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In this picture I am getting ready to remove the click spring. The click spring is the thin sheppard crook looking spring up at the 12:00 position. The click spring helps to ensure the click maintains its function of ensuring the ratchet wheel can only move in one direction ensuring the proper winding of the mainspring (the power source of the watch).

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Here are the Center, 3rd and 4th wheels. These help transmit power from the mainspring down to the escapement.

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Speaking of power transmission, here is the exposed mainspring barrel (and the mainspring bridge off to the right). The barrel houses the mainspring. The round part on the top of the barrel, is the barrel arbor. The mainspring attaches to the arbor by way of a hook in the spring. The arbor interacts with the ratchet wheel. When you wind the watch, the crown wheel turns the ratchet wheel which turns the arbor and that winds and adds tension to the mainspring.

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All that’s left to do on this side is to remove is to remove the retaining screw to allow the removal of the crown, the clutch and winding pinion.

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It’s pretty smooth sailing from here. The set lever bridge will be the first to be removed.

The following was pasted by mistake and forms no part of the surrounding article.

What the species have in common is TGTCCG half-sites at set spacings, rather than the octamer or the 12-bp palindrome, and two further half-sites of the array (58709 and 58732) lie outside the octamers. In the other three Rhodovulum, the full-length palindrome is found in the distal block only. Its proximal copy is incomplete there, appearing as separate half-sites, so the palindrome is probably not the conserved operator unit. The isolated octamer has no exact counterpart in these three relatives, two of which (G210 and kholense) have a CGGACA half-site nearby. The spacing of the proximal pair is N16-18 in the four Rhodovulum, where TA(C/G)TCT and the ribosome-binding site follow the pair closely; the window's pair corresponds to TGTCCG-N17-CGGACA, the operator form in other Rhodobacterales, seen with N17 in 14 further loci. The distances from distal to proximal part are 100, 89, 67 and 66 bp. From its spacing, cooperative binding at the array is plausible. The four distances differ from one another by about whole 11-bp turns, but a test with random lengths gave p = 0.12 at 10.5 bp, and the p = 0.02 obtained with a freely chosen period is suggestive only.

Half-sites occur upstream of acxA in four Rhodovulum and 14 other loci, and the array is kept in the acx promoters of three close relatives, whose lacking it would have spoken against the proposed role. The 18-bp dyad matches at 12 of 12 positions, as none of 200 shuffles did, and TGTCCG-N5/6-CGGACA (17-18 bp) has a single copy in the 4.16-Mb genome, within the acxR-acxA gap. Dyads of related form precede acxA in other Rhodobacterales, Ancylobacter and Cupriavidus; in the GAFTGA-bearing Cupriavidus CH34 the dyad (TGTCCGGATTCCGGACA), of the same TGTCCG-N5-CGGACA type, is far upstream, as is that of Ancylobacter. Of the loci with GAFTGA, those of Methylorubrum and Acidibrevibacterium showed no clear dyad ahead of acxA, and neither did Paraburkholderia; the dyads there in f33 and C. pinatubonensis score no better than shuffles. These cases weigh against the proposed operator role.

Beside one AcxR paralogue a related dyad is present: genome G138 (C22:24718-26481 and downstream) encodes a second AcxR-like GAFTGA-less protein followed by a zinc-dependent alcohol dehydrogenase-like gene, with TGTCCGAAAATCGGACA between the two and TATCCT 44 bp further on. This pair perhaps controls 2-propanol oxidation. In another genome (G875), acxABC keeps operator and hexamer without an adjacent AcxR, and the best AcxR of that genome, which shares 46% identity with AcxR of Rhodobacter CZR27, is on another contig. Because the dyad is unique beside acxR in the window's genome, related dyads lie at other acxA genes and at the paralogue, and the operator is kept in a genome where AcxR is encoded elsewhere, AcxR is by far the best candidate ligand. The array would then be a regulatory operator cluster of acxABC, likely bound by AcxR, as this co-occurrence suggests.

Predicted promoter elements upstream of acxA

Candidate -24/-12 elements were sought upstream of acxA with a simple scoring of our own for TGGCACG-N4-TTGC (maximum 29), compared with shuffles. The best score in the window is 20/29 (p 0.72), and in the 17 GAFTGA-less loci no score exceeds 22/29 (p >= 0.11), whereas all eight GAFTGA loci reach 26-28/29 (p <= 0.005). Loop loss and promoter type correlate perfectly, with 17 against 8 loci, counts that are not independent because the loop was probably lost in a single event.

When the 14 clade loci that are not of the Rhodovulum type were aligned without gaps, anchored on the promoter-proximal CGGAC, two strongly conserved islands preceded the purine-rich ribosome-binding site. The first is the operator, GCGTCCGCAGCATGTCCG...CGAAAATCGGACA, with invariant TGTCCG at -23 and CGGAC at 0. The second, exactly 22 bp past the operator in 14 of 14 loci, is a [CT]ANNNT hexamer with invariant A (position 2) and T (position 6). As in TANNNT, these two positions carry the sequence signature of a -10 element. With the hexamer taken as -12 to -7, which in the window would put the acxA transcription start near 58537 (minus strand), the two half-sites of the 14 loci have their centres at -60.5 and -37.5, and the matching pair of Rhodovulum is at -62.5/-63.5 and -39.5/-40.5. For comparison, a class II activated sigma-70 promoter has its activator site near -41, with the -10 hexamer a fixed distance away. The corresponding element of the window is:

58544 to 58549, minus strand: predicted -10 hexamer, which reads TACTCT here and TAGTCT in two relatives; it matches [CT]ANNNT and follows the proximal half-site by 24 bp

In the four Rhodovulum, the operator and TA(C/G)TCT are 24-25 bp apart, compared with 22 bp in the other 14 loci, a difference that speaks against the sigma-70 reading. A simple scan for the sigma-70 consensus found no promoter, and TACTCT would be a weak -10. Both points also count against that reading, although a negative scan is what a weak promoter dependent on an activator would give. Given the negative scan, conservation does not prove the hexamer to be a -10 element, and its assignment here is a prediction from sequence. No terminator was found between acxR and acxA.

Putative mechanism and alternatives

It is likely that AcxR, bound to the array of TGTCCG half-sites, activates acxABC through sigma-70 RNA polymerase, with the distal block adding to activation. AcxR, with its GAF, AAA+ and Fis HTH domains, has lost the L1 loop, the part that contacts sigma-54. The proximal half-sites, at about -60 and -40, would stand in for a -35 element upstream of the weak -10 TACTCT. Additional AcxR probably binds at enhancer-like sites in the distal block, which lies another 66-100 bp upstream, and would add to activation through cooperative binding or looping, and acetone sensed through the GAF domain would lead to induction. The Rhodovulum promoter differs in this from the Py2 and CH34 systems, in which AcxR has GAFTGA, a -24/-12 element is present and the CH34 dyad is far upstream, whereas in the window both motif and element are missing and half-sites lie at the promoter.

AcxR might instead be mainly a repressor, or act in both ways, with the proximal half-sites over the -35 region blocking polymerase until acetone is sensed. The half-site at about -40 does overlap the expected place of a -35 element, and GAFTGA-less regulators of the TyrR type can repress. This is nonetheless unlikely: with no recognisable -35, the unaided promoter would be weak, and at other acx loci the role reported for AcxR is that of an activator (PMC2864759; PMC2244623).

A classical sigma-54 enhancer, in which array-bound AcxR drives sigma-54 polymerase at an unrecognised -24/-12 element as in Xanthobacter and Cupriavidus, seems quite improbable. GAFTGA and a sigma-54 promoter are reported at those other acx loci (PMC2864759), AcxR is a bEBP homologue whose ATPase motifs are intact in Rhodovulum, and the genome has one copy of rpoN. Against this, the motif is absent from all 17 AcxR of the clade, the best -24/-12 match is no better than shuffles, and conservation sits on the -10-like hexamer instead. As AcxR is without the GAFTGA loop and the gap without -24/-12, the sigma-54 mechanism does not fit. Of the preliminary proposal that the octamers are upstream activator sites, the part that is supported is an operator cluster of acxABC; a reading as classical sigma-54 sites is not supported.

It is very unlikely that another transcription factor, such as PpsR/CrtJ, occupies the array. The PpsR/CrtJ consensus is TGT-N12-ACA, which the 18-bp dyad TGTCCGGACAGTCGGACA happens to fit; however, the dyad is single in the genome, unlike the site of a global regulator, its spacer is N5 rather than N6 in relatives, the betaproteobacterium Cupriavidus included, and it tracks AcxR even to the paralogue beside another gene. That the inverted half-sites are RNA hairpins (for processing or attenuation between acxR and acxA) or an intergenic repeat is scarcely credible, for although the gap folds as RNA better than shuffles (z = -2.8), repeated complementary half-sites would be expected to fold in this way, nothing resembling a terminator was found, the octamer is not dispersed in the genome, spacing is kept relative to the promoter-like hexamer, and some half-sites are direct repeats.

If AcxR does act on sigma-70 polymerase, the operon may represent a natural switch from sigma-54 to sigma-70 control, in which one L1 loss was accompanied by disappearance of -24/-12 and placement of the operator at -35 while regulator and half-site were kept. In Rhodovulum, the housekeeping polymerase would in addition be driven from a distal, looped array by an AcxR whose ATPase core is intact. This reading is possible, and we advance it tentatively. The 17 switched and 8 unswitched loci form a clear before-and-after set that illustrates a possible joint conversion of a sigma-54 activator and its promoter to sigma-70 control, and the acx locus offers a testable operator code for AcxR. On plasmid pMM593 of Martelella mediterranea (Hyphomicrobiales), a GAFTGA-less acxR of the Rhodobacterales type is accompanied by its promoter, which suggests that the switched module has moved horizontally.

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Rarrrr! I’m a dragon!

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Now I just need to remove the set lever and spring, the detent, the setting wheel and minute wheel.

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Finally! The stripped down movement. All that is left is to essentially reverse all the steps and put it back together.

 

With each watch I get, I am getting more and more comfortable with what I’m doing. I’m not saying that I’m perfect or awesome, but my hands are getting a bit more steady, I am tending to grab the correct size screwdriver for the screws that I need to use, and I am looking at my notes for the tear down/assembly process a little less and less. I’m excited to keep doing this, and I’m looking forward to what I’ll be doing next week.

 

Thanks for tuning in! If there is a picture in the Imgur Album that you would like more information about, or something that I wrote about today, let me know!